Gamal Sherif is spending part of his summer break in Washington D.C.
The purpose of the Philadelphia public schoolteacher’s trip is not sightseeing, though. It’s sitting in meetings with leaders at the U.S. Department of Education, learning about how policies get made and shaping them at the highest level.
Education Secretary Arne Duncan announced the selection of Sherif and 15 others as Teaching Ambassador Fellows on Monday. Sherif will remain in the classroom and participate in the program part-time; five of the fellows will work in Washington full-time.
“I am committed to listening to teachers’ voices as we work to develop policies that will support reform and strengthen the teaching profession,” Duncan said in a news release. “I look forward to working closely with this year’s Teaching Ambassadors, particularly as we work to fix the No Child Left Behind Act.”
Sherif is currently a history and biochemistry teacher at Science Leadership Academy (SLA), a Center City magnet high school that emphasizes project-based learning. He was recently given the Award for Excellence in Inquiry-based Science Teaching from the National Science Teachers Association, and has also done consulting on curriculum and professional development issues across the country.
He said Monday that the most recent honor was “really exciting.”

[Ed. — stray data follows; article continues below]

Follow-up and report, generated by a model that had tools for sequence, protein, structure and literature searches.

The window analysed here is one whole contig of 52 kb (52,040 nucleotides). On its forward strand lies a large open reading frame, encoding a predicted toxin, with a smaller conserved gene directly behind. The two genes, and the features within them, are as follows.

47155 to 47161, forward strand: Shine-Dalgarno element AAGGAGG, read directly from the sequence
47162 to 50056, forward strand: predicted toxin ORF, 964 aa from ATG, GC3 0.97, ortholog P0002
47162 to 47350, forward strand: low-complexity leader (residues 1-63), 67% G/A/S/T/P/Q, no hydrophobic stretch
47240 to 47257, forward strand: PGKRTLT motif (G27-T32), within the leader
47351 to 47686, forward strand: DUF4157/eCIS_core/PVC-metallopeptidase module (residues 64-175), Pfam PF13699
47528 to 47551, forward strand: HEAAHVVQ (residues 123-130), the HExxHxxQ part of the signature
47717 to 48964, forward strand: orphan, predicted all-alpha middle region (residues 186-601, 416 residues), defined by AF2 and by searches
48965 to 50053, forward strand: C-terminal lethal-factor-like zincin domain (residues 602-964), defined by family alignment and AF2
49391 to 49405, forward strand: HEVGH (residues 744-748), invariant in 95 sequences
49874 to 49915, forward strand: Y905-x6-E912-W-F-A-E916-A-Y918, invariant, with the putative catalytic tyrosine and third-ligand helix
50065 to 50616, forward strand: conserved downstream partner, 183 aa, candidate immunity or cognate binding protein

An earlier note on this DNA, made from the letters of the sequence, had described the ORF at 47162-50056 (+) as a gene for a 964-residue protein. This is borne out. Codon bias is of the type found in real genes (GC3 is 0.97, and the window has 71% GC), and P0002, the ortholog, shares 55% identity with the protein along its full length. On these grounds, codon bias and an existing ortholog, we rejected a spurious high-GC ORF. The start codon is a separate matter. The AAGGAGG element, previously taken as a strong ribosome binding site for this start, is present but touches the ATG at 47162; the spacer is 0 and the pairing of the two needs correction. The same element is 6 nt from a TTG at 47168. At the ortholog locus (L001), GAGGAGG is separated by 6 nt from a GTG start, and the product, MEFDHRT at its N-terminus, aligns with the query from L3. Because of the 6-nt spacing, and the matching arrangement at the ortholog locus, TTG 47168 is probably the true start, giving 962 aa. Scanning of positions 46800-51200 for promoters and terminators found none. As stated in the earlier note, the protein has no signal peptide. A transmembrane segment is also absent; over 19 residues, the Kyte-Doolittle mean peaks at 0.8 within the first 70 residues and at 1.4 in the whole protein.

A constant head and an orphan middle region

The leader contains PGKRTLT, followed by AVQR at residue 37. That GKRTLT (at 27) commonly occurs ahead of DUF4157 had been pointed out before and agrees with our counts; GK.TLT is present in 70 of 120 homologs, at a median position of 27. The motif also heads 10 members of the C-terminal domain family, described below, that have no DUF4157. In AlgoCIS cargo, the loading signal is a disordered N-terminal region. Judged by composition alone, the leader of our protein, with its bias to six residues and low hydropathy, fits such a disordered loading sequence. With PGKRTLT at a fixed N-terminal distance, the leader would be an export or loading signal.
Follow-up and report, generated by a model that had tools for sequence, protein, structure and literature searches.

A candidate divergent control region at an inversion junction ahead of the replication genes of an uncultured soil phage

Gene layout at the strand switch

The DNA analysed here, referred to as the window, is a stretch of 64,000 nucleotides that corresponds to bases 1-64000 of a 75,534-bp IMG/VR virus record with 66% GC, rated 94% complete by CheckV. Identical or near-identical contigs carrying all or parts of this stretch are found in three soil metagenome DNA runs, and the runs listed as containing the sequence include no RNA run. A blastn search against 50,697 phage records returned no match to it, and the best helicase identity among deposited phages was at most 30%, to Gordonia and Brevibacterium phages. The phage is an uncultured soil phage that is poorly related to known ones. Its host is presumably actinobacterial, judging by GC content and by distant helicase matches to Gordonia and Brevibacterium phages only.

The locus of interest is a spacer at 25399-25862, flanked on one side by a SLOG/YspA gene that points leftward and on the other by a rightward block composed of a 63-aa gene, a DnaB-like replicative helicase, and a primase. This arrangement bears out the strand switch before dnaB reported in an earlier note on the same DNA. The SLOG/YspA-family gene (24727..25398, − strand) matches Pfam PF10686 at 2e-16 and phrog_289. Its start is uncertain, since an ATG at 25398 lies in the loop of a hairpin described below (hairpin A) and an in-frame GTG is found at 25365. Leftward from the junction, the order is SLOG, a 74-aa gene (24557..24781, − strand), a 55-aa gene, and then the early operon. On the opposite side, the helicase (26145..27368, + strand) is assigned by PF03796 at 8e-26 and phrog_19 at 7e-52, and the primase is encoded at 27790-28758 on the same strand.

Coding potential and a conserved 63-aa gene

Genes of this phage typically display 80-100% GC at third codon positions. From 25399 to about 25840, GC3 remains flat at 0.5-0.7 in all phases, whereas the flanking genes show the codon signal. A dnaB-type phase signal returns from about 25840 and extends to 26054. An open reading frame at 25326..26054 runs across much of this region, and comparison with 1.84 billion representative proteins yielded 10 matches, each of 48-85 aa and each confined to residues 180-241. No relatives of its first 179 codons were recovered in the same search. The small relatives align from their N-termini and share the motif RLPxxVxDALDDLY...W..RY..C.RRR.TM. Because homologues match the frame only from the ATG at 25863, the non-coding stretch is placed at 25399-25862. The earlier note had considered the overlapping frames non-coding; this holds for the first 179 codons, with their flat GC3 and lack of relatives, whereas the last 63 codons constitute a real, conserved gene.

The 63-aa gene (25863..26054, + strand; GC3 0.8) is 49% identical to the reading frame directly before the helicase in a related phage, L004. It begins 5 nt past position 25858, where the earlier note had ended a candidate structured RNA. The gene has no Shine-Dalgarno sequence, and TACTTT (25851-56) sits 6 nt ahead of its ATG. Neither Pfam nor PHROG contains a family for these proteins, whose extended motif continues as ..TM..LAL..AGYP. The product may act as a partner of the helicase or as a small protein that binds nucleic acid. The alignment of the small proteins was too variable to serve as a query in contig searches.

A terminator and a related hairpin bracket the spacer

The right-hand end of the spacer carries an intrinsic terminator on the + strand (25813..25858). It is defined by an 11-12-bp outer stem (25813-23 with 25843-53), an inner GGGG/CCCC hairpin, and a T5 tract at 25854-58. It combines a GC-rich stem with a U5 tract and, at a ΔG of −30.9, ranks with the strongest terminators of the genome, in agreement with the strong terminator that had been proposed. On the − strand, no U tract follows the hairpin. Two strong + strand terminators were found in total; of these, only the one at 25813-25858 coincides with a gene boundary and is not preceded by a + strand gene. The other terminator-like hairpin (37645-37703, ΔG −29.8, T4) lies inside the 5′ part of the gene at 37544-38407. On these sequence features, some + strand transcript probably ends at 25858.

“It’s part of getting teacher voice elevated,” Sherif said. “Teachers need to be involved in policy formation and reflection.”
Policy formation will be particularly crucial this year, as Congress could reauthorize the Elementary and Secondary Education Act. That piece of legislation, now more commonly known as No Child Left Behind, is the main federal law governing public education and has been widely criticized as relying too heavily on standardized tests to measure student achievement.
The Philadelphia School District has agreed to give Sherif up to 10 days of unpaid personal time to use for the fellowship.
SLA Principal Chris Lehmann hailed Sherif as “an outstanding teacher and an outstanding thinker” who has much to contribute to discussions about public education in this country.
“It’s a great thing for Philadelphia to see that one of their teachers is an important part of the national debate,” Lehmann said. “I think that’s an incredible victory for the school district.”